An hour or two later, when the little post messenger came back, Isabel sought her father. She found him at last near the foal shed still poring over a letter. Isabel was startled at the face he lifted on hearing her steps.

‘Papa! what is it? No, don't try to laugh! I knew—I knew something was coming wrong; I felt so last night, I did indeed. Tell me, what is it?’

‘What I have long looked for, child,—Ruin! ruin! Good God!—not a house, not a man stands! Lucky he who has funds in England, as it seems our friend and creditor Herbert has. He seems all right again, and so takes upon himself a little lecturing. Read it yourself, he does not want to press the trifle I owe him, as he has found relief from present pressure. Well, beggars can't choose; but it irks me, girl, to be obliged to him.’

‘Yet, he is a very old and a very true friend. I would sooner trust him than—than the Vine Lodge people or Mr. Budd.’

‘Well—this fixes me! To Sydney I must go. I must consult with Smith, the lawyer. He'll advise whitewashing,note and then there's Westbrooke to go to. But I shall try yet;—your mother! I dread her leaving this, you see.’

‘Don't!—you mustn't dread anything—but disgrace. She will get over it. Westbrooke is a pleasant place. Don't go deeper into it—don't, daddy! Stop at once; it is best for all!’

‘There's truth in that! Well, don't go and croak to mother. Kate is going on a visit; I fear she is deceived, poor girl.’

‘When shall you go, papa?’




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‘As soon as I can. First I must ride down to the new wheat plot, and leave directions. I shall send for, or swear in, a couple of constables.note I am not easy about those rascally Bushrangers; there is a report that they are in this district. If so, we shall feel them, on account of Lynch, you see. Well, go in—keep up mamma's spirits. I sha'n't be back till late, for I have far to ride. The boys come with me and take orders. Perhaps I may start for Sydney to-morrow. Kiss me, and now go, my sunbeam! Ah, Issy—we've cheated the parson!’

‘Pardon me, sir; it seems rather more like the parson's cheating us.’

‘What, didst think of him, then?’

‘Couldn't help it, when every one repeated it every day. But as I fretted much at the possibility of their being right, you may suppose I am not at all unhappy at finding they were all wrong. I should have said ‘No’ at last, I am sure.’

‘Ay, ay! No, Issy, you mustn't desert the nest. The old birds are getting heavy on wing. I couldn't part with you were a king to come and ask me for your hand!’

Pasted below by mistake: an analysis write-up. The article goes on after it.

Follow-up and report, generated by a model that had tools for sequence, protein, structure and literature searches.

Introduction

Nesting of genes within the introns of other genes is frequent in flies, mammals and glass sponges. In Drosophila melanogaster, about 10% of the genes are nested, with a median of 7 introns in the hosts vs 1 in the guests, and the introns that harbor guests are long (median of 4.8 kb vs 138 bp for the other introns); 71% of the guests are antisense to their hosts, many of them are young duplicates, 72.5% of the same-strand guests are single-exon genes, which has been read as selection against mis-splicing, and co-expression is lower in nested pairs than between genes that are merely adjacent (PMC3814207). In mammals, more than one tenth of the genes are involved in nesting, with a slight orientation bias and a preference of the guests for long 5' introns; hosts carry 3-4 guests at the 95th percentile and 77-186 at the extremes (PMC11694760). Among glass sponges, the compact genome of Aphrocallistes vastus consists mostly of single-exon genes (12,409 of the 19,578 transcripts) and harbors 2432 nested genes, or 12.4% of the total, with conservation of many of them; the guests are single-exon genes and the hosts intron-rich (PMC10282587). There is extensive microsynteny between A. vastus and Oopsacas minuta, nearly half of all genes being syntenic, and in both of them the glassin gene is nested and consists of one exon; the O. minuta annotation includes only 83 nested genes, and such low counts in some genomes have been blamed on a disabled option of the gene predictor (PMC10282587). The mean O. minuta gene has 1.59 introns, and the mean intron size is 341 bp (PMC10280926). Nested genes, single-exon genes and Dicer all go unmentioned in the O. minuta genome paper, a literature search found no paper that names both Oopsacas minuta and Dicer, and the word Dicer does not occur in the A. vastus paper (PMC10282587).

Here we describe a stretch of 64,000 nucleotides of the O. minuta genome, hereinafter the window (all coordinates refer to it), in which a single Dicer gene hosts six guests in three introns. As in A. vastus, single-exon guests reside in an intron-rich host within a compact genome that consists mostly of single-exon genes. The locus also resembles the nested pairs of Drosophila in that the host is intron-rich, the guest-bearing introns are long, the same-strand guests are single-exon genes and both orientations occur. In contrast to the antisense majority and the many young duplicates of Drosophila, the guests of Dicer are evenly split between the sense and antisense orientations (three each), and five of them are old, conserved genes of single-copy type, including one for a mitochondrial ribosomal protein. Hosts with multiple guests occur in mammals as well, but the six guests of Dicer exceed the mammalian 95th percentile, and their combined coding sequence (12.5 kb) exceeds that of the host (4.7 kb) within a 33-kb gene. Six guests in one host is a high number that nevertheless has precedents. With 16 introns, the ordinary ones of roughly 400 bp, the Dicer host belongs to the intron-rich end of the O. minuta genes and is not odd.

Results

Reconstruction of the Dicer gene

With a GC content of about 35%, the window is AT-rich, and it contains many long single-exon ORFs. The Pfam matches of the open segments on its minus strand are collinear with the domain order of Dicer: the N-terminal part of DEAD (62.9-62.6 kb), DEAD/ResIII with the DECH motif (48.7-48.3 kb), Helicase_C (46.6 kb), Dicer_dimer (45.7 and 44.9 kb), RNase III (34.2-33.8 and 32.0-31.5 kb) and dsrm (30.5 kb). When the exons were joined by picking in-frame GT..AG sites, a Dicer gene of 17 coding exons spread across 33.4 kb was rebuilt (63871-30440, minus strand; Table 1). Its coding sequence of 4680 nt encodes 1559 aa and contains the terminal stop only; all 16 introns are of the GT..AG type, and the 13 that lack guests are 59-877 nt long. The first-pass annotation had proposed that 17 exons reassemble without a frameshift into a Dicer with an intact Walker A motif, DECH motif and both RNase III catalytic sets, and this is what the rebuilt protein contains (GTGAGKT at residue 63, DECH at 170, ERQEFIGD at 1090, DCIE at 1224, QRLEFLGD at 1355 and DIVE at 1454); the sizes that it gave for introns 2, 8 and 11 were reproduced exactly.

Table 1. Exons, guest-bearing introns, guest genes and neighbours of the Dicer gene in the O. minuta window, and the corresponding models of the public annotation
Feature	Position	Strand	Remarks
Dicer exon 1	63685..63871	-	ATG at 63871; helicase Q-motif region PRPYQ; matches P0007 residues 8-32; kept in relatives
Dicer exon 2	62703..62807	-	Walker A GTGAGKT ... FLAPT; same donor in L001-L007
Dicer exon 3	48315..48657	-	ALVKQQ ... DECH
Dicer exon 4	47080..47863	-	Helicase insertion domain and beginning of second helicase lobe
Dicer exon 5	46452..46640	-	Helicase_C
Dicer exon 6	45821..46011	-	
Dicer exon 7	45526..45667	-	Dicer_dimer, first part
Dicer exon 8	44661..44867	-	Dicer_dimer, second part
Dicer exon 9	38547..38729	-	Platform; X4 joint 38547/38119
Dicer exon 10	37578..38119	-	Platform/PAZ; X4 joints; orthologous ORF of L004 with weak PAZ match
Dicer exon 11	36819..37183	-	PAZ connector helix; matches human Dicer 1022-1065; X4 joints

She left him, looking round on the evidences of comfort and wealth; the place redeemed from the wilderness by her father. And to think they must leave it all! It was hard—hard for them! For herself one place was as good as another. She always liked Westbrooke.

These thoughts were dispersed by seeing Mr. Farrant riding briskly up the entrance road. Not feeling quite in a humour to respond to his demonstrations of happiness and calls on her sympathy, she turned away towards the stables and fed her favourite little foal. The boys were there too, and they had a long inspection of all the horses, till they mounted and rode off, leading their father's mare to meet him at a certain field. Isabel was turning to go in, when Mr. Herbert appeared, leading Pearl, according to his custom.

She was vexed at feeling herself shy and blushing; but somehow, in spite of Miss Terry's assurances, Isabel dreaded making known that lady's engagement to him. She waited gravely engrossed with her own thoughts, while he put Pearl up in comfort.

‘You expected me?—Yes, I have you now at last!—and we will have a turn in the vinewalk,’ he said. Isabel wondered a little at his manner; then put it down to his being unhappy.

‘No, not there. Look!—do you see?’ and Isabel nervously pointed to where Mr. Farrant and Miss Terry were crossing the green, evidently bound for the same place. Searching and keen was the glance she threw at him; she felt shy too, and more awkward than she ever did,


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on his account.

‘They have done abominably. What right had he—had she to—to——’ but she could not finish.

‘To suit each other, and to find it out and engage to marry?’ And he in his turn tried to read her face.

‘Well! what do you see, or fancy you see? Willow, willow?note feeling it yourself, you see it in me! I pity you. It is a sad downfall to my first, as it shall be my last, putting a finger into the thing called matrimony. Ah! I thought you two so suited! But, of course, whatever you felt or feel, you will not confess it—of course not! You are too proud. And I like you quite as well for it—only it is not in me. And I can't pretend that I am not regularly taken in and deceived.’